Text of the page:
Apparently, nobody before made a computer simulation of how a real, scientifically accurate black hole would look like. But behold, the producers of "Interstellar" teamed up with Kip Thorne to provide realistic and surprisingly beautiful renders of a rotating black hole. It's amazing.
Now, a little bit of science. Two interesting things can be seen in this picture. In the movie, the black hole is a spinning (Kerr) black hole and you can see that just by looking at the image of the central object, the sphere that marks the event horizon of a black hole. To a nearby observer, this sphere seems squashed towards the direction of spin and develops a kink on the equator. Interestingly, no study before investigated how a spinning black hole would look like to a nearby observer and all the calculations were usually made for a distant one.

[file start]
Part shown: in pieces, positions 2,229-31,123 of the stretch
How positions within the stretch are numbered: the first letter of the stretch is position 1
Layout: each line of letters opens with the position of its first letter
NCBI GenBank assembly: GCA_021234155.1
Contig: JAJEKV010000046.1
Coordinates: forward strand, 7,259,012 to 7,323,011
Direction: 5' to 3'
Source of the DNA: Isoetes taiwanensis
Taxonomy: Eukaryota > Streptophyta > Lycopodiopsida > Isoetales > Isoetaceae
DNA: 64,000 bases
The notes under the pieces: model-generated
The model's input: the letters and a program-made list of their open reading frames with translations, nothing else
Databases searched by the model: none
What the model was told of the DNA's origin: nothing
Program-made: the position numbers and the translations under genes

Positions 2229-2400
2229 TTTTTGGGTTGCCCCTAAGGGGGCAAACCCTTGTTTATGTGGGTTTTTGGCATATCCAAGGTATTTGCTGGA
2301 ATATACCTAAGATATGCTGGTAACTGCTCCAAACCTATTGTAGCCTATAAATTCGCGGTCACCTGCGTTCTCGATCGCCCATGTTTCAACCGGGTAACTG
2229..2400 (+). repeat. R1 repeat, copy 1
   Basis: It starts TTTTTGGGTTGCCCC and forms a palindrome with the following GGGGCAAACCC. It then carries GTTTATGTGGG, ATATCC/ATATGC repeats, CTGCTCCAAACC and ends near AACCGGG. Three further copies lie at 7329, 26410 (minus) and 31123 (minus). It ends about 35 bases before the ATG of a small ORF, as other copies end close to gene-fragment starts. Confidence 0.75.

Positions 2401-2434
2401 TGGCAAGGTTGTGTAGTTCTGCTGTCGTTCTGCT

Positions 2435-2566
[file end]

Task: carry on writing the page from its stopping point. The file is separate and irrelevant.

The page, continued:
Another thing is that the black hole has an accretion disk, which is just flat disk, like rings of Saturn. But because of immense gravity, light bends around the black hole and creates this interesting illusion that the disk surrounds the central object also from above. Additionally, because the light can travel around the black hole many times, it creates additional images of the disk, sometimes inverted, like the bottom part on the picture on the left, or the thin line near the horizon.